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Customer Procrastination is a Lose-Lose Situation

I worked with a couple buyers lately who procrastinated on buying and lost out on the homes they thought they wanted. It's a lose-lose situation. They lose because they didn't get the home and I lose because I didn't get the sale. What advice do you have for getting procrastinators to take action? - by Thomas
Thomas, great question.

One of the keys is to develop agreement about what the goals are early on. For instance, after you've done a wants and needs analysis with your prospect, ask something like, "So if we find a home that will meet the five needs you described, will you be in a position to move forward with the purchase?"

If they hesitate, then you've got to figure out what the issues are (there's no reason to show them anything unless they have a good reason for not moving ahead). If they say "yes", you've just built sales momentum. Doing that type of thing repeatedly throughout a sales interaction makes it more difficult for the prospect to be strangled by status quo paralysis.

At least that's one idea for you, Thomas. - by Skip Anderson
Maybe they were just 'looking' to justify, staying in their existing home.

It doesn't sound like they had a need to move from their present home. - by Paulette Halpern
A definition of procrastination is: Procrastination is a type of behavior which is characterized by deferment of actions or tasks to a later time.

I look at sales people as 'change agents'. Their goal is to facilitate a prospect making a choice to use or buy something which they do not have (or are using) today.

With anything there needs to be a good reason (problem to be resolved, or fear of a problem that prospect wants to avoid) for the change to happen or nothing will occur.

An important part of a sales person role is to make sure, what the buying reasons are, how important they 'really are' and if they truly are that important, to get a committment up that if we find a solution that is fit, they will ACT.

If we don't learn enough about the WHY behind the WHAT they 'seem to be interested in' we can't blame anyone buy ourselves, if the prospect procrastinates, and then often just 'disappears' without even saying "Not Interested". - by Paulette Halpern
I worked with a couple buyers lately who procrastinated on buying and lost out on the homes they thought they wanted. It's a lose-lose situation. They lose because they didn't get the home and I lose because I didn't get the sale. What advice do you have for getting procrastinators to take action?
Actually, I kind of get a kick out of telling a be-back that the house that thet were after is no longer availible, it just adds credibility to the take-away close that I throw at them before they walk.

Assuming you've meet their wants and needs, and have found the perfect fit, got mini commitments throughout the sales process. and they tell you they want to go home and think about it:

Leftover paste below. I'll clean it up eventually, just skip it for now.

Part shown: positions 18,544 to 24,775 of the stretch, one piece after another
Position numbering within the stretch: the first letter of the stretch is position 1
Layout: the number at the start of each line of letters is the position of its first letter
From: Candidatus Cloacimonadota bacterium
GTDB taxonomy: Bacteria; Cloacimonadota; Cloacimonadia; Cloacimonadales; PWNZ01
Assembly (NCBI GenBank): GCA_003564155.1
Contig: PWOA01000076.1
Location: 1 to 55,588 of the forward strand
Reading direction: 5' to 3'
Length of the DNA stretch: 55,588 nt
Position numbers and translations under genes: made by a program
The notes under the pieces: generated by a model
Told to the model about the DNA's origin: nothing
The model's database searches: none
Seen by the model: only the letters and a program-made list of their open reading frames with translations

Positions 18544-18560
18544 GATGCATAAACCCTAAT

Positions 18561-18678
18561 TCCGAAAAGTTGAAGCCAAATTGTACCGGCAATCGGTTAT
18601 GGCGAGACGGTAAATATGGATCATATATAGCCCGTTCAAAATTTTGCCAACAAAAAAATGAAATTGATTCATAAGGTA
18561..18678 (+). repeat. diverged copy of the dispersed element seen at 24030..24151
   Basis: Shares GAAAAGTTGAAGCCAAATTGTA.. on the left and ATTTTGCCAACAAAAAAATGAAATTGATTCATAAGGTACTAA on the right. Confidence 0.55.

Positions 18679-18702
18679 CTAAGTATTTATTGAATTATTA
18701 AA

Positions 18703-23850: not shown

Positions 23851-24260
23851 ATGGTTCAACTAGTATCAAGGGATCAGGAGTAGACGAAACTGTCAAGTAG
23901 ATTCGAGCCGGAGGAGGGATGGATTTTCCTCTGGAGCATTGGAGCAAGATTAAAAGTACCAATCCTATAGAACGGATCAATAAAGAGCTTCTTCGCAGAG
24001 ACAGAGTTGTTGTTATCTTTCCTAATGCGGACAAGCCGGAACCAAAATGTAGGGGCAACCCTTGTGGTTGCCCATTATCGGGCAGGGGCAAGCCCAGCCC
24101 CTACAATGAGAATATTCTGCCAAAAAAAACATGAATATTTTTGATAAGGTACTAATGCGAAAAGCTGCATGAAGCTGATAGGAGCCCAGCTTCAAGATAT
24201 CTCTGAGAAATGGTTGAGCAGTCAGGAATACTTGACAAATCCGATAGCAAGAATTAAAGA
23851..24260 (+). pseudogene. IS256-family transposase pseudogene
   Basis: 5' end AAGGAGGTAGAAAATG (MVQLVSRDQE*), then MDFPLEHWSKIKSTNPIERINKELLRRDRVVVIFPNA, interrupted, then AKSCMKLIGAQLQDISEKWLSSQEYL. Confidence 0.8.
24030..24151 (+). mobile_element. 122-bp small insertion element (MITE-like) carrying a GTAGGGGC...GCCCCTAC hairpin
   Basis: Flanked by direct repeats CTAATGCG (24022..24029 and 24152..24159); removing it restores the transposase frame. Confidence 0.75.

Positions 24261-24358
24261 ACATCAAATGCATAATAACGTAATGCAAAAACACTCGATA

Mr. and Mrs. Smith, the hardest part of my job is having to tell folks that the house that they wanted today is not availible tommorow. You said that you wanted a large house correct? Does this house meet your size requirments? Mrs. Smith one of the biggest issues you are having at your current house is that the kitchen is too small for family gatherings. Look at the size of this kitchen, your whole family could be doing cart-wheels in here while you are cooking, wouldn't you agree? Come over here to this stove, can't you imagine preparing Thanksgiving dinner on this stove for your whole family this year? Doesn't it make sense to take this home off the market today, so you and your family can start enjoying the benefits that they all deserve?

If you get a yes, proceed with the paperwork, if you get a no there is an objection that you haven't addresed yet.

Good luck.

~James - by Mr. Cesario
My suggestion when you encounter procrastination is to treat it like any other objection which means find out what is really going on. - by Liberty
Assuming you've meet their wants and needs, and have found the perfect fit, got mini commitments throughout the sales process. and they tell you they want to go home and think about it:

Mr. and Mrs. Smith, the hardest part of my job is having to tell folks that the house that they wanted today is not availible tommorow. You said that you wanted a large house correct? Does this house meet your size requirments? Mrs. Smith one of the biggest issues you are having at your current house is that the kitchen is too small for family gatherings. Look at the size of this kitchen, your whole family could be doing cart-wheels in here while you are cooking, wouldn't you agree? Come over here to this stove, can't you imagine preparing Thanksgiving dinner on this stove for your whole family this year? Doesn't it make sense to take this home off the market today, so you and your family can start enjoying the benefits that they all deserve?

~James
With this approach you sound like a 'typical pushy salesperson' that most people would start to walk away from even faster. - by Paulette Halpern
With this approach you sound like a 'typical pushy salesperson' that most people would start to walk away from even faster.
Please elaborate, I g